When he had sacrificed everything and had nothing left to give, Harry Potter made one last selfless decision: to abandon Death’s restful embrace in the hope that he could still make a difference. This choice was made, as most are, in the recesses of the mind.
“Of course it is happening inside your head, Harry,” Hogwarts Headmaster Albus Dumbledore explained to the Boy Who Lived. “But why on earth should that mean that it is not real?”
This fall, a group of AU students are exploring spiritual reality by delving into the fictional world of Harry Potter. To kick off the new school year, students enrolled in the faith in context course through the School of Theology walked onto Platform 9 ¾ and were sorted into their respective Hogwarts houses.
The Rev. Dr. Todd Faulkner, assistant professor of Christian ministry and the course instructor, says, “There’s nothing wrong with having a story to entertain us, but it can’t stop there.”
Faulkner hopes that bringing the Wizarding World to life will give students an opportunity to explore spiritual reality in ways they might never have imagined.
“Just because we can’t see it doesn’t mean it isn’t real,” he says. “Just because we don’t know that it’s there or recognize it in every given moment doesn’t mean that there isn’t a reality that’s even larger, richer and deeper than our own.
“In class I suggested that maybe the kingdom of God is much like that. We can’t see every aspect of the kingdom, yet for many of us, the kingdom of God is a very present reality. It’s big, rich and deep, and we’re invited to be part of it,” he says.
J.K. Rowling, the author who conjured the fictional world of Harry Potter, was Harvard University’s commencement speaker in 2008. In her speech, Rowling encouraged the graduating class to search themselves for the power to make a difference.
“We do not need magic to transform the world,” she said. “We carry all the power we need inside ourselves already. We have power to imagine better.”
Faulkner remembers Rowling’s powerful words and praises her for her ability to create characters who can teach us that there is real magic in the choices we make.
“Like many of us, Harry doesn’t always make the right choice, but increasingly he makes choices for the sake of others,” says Faulkner. “In that way, Harry teaches me much more about the power of choice than he teaches me about magic.”
An estimated 500 million copies of the Harry Potter series have been sold since they first hit shelves in 1997, and translations now exist in more than 70 different languages. In fact, the Harry Potter series dominated the New York Times Best-Sellers List for so long that a new category was created to ensure that the series didn’t steal the spotlight from other emerging works.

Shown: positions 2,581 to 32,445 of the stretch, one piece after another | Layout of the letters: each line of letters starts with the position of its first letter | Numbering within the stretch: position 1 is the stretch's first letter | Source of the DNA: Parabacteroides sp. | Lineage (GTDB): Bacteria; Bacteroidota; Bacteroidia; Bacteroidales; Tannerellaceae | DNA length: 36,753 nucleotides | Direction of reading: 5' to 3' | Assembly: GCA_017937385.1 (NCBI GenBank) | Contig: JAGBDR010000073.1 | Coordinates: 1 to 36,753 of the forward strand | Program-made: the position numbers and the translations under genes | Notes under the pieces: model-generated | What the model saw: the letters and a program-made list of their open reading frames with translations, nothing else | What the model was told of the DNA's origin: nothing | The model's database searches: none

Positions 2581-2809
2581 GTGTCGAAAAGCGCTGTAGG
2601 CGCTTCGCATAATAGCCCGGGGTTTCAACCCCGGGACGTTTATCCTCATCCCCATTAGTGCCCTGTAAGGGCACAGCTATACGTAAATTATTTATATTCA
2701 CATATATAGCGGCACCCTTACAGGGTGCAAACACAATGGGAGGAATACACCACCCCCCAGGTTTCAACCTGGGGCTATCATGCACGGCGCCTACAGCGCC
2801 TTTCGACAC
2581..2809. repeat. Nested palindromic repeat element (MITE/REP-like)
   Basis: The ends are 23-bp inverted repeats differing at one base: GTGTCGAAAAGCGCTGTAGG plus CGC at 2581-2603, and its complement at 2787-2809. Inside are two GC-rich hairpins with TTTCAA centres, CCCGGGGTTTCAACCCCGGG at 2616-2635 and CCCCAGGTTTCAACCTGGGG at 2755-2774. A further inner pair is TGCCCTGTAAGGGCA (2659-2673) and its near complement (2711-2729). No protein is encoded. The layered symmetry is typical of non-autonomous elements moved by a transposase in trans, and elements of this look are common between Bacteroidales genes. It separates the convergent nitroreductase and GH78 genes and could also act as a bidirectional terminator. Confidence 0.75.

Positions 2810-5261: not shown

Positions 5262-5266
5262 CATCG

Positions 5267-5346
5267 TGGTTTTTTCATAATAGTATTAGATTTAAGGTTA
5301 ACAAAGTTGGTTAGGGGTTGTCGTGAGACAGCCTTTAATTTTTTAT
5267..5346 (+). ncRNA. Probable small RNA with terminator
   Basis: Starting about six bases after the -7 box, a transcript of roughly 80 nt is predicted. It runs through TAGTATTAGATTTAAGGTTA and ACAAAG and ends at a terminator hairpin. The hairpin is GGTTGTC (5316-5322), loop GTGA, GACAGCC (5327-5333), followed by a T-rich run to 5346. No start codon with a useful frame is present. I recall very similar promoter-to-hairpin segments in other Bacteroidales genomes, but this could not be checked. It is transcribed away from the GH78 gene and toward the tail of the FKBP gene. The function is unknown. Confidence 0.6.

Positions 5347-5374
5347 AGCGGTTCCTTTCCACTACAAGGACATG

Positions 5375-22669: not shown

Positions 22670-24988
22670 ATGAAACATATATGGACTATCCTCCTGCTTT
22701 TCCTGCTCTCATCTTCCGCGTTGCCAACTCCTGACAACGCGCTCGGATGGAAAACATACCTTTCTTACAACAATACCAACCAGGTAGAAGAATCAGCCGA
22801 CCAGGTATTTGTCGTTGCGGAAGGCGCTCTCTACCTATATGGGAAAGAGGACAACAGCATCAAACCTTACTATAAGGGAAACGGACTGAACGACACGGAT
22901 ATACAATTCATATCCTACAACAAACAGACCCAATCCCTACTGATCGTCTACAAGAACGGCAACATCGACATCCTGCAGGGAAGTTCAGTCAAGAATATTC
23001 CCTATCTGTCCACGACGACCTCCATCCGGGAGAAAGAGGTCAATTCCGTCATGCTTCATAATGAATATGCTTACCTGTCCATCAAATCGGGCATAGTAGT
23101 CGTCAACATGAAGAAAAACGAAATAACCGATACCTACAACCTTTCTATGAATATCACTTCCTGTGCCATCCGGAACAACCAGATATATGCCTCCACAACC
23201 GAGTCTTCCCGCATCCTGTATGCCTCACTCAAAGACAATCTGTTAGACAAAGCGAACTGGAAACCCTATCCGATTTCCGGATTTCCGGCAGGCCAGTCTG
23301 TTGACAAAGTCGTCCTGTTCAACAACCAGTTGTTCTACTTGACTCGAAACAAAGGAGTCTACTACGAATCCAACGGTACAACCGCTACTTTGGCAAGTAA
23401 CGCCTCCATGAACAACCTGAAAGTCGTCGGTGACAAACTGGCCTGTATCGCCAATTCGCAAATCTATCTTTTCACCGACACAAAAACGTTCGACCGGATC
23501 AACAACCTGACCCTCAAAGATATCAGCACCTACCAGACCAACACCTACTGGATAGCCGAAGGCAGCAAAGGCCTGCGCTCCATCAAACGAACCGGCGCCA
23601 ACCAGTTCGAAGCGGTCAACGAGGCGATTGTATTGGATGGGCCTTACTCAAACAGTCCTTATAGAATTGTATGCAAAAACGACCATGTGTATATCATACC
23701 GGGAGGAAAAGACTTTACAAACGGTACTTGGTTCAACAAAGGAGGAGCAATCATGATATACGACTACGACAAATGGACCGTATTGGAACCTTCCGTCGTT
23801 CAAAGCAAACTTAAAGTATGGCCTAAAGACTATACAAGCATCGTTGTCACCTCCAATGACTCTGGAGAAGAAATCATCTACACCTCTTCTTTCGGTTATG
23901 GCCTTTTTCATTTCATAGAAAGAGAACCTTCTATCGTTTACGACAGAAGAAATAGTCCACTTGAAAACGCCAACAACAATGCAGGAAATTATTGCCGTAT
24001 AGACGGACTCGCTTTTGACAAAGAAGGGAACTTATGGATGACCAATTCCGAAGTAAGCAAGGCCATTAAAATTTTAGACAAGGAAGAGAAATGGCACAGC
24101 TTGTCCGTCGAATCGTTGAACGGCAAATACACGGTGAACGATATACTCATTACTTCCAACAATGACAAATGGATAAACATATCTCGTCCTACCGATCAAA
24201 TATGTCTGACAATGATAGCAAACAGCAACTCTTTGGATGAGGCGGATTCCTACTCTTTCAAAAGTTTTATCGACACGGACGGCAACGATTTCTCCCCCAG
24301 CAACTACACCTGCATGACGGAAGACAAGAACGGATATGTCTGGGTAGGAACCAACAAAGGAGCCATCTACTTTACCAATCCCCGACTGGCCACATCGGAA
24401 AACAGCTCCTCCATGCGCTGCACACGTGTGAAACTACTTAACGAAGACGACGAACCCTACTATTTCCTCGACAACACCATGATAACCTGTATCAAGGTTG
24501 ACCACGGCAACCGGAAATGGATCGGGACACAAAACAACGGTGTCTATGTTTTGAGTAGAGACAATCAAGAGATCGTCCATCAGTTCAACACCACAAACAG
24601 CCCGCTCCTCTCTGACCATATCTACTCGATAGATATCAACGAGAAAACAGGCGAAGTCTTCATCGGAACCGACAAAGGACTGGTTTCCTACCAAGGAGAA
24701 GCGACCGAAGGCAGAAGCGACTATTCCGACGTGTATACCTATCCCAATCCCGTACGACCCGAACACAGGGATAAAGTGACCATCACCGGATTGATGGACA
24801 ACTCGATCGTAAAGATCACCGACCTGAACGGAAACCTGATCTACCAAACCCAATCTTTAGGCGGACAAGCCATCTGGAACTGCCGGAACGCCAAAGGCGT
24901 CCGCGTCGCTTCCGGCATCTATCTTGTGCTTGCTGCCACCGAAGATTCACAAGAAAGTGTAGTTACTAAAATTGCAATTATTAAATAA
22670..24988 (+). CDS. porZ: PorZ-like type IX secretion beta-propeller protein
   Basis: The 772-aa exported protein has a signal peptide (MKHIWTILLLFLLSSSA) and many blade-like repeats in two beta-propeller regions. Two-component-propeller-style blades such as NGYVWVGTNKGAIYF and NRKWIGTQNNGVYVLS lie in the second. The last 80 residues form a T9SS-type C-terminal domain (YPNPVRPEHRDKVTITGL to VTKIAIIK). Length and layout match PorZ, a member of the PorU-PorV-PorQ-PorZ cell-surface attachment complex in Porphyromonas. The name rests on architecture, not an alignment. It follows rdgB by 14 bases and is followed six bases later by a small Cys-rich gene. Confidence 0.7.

“I want this class to make a difference, because I believe that the Harry Potter story is continuing to make a difference,” says Faulkner. “It’s the best-selling book series in history. We can learn how to better tell our faith story by reading one of the best stories ever written.
Many students enrolled in the faith in context course are thrilled to have the opportunity to revisit some of their favorite stories in a way that will impact their spiritual lives.
Alex Certain, a Hufflepuff and a junior psychology and spiritual formation major, hopes that taking the class will allow him to transform his faith.
“In one of the first class periods we talked about how Harry went from living under a staircase to being one of the most popular wizards at Hogwarts,” says Certain. “I really hope that, like Harry Potter, I can grow in my faith from a small world view to a big, wide world view.”
Micah Bryan, a Slytherin and a junior psychology major, is fascinated by the prospect of exploring the real-life implications of topics presented in the Harry Potter series.
“The most surprising thing to me is that we can take something that’s been so hotly debated and see how some of its symbols and themes can directly affect our lives,” she says.
Morgan Binkerd, a Ravenclaw and a junior English major, is excited to be taking a religion course that is more interactive than traditional ones.
“Because people are choosing to talk about their own lives, it’s more personal than a normal religion course,” says Binkerd. “I like that. That’s what I want my faith to look like.”
Erin Smith, a proud Hufflepuff and a junior public relations major, enjoys exploring the variety in perspectives brought to the class by the other students.
“I really like hearing other students’ perspectives on how they interpret Harry Potter in their own faith lives,” she says.
Students enrolled in the faith in context course will continue to experience powerful moments from the Harry Potter series throughout the semester. There will be a recreation of the three Triwizard Tournament tasks and an end-of-term feast, among other things. All this with the goal of learning more about reality from one of the greatest fictional stories—after all this time, always.